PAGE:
"Those too unwell to engage with the DWP could be left unable to pay their rent, buy food, or pay their rising energy bills.
"During a cost-of-living crisis, this could put the entire incomes of over 700,000 people with mental health problems, learning disabilities and dementia at risk. This is completely unacceptable."
You can already be moved over if you have a change of circumstances, like moving home or having a baby, and that's still the case.
You can also chose to move over – but you might not be better off.
You should consider carefully what moving over means for your money, as you can't move back once you're on Universal Credit.
Using an online benefits calculator can help you compare and are free and easy to use from charities such as Turn2Us and EntitledTo, and it's also worth asking them for advice.
Initially a couple of hundred people will start the switch under "managed migration" with the goal of getting everyone on the new payments by the end of 2024.
Around 1.4million will be better off on Universal Credit, the government calculates.
A further 300,000 would see no change in payments, while around 900,000 will be worse off under Universal Credit.
They will get top up payments if they move under managed migration, so they don't lose out on cash immediately.
But they could miss out on any future increase to benefits and see payments frozen.
Those who move voluntarily and are worse off won't get these top up payments and could lose cash.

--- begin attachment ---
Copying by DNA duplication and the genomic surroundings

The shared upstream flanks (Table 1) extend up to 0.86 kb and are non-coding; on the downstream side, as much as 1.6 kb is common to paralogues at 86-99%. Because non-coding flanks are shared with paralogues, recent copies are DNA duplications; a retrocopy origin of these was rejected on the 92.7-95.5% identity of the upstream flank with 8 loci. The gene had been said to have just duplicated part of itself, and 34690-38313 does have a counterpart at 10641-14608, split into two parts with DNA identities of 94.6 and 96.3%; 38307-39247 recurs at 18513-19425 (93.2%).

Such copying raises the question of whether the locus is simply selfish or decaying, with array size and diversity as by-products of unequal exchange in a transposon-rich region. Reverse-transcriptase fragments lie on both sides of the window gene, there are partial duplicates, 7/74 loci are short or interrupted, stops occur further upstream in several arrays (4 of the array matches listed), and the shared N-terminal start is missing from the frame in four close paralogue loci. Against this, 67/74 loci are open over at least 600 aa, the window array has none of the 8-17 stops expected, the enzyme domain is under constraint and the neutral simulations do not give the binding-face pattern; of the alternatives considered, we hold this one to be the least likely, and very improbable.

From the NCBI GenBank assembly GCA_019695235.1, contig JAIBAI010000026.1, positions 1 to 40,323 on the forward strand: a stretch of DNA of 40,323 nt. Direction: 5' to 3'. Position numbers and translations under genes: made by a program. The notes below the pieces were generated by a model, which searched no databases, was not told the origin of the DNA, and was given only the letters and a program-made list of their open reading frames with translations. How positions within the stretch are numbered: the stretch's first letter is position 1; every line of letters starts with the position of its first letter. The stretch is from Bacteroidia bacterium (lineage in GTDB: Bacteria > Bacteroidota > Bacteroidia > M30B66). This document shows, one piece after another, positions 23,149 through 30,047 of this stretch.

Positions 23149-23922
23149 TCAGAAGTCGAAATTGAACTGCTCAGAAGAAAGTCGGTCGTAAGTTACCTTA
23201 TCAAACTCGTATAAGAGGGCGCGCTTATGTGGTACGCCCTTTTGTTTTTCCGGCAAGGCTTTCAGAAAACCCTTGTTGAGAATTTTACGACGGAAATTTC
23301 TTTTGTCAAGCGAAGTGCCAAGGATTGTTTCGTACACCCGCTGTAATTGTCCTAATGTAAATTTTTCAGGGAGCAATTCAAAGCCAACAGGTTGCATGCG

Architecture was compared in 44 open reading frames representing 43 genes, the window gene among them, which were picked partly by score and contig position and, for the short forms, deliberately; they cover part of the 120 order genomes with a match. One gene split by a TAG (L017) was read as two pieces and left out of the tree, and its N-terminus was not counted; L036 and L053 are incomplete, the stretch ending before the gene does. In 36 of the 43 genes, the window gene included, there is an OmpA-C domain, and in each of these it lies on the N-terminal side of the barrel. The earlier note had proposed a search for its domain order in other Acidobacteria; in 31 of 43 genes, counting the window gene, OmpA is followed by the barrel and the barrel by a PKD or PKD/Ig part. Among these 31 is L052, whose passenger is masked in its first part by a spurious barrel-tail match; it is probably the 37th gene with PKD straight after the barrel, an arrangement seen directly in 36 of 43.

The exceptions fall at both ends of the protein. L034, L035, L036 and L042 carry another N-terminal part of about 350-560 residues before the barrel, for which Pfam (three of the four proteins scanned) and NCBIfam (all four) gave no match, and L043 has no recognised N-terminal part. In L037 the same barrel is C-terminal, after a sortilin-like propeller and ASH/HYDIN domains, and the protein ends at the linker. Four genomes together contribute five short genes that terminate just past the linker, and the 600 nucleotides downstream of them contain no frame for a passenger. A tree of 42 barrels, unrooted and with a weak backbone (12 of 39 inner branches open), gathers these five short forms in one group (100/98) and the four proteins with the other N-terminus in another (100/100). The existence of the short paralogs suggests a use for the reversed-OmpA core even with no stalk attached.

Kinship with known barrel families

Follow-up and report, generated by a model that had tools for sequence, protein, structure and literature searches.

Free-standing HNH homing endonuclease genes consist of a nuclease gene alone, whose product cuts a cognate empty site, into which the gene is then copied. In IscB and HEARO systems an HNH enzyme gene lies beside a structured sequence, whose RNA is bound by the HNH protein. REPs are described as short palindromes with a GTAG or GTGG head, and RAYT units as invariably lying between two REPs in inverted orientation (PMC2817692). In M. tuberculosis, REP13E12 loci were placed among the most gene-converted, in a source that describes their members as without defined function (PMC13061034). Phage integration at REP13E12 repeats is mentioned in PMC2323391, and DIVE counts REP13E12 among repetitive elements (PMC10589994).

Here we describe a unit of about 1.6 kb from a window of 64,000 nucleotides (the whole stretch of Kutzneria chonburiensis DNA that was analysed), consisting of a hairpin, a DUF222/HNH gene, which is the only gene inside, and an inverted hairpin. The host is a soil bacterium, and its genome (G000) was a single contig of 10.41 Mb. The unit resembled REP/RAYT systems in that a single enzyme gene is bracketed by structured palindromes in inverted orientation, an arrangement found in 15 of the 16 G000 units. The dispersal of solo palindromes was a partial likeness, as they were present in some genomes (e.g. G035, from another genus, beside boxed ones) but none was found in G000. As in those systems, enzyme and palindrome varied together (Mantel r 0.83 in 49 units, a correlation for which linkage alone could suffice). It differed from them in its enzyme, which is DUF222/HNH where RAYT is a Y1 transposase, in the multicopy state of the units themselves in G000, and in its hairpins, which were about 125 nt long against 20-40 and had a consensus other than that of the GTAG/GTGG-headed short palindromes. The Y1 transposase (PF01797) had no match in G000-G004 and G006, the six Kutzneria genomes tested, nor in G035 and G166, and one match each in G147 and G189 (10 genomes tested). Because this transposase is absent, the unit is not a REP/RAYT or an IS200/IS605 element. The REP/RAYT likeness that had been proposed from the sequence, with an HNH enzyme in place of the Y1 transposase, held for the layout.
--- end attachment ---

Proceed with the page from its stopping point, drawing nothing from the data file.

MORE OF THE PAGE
What to do if you have problems claiming Universal Credit
If you're experiencing trouble applying for your Universal Credit, or the payments just don't cover costs, here are your options.
Apply for an advance
Claimants are able to get some cash within five days rather than waiting weeks for their first payment.
But it's a loan which means the repayments will be automatically deducted from your future Universal Credit pay out.
Alternative Payment Arrangements
If you're falling behind on rent, you or your landlord may be able to apply for an APA which will get your payment sent directly to your landlord.
You might also be able to change your payments to get them more frequently, or you can split the payments if you're part of a couple.
You may be able to get help from the government to help with emergency household costs of up to £348 if you're single, £464 if you're part of a couple or £812 if you have children.
These are only in cases like your cooker breaking down or for help getting a job.
You'll have to repay the advance through your regular Universal Credit payments.
You'll still have to repay the loan, even if you stop claiming for Universal Credit.
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Cut your Council Tax
You might be able to get a discount on your Council Tax or be entitled to Discretionary Housing Payments if your payments aren't enough to cover your rent.
If you're really hard up and struggling to buy food and toiletries, you can find your local foodbank who will provide you with help for free. You can find your nearest one on the Trussell Trust website.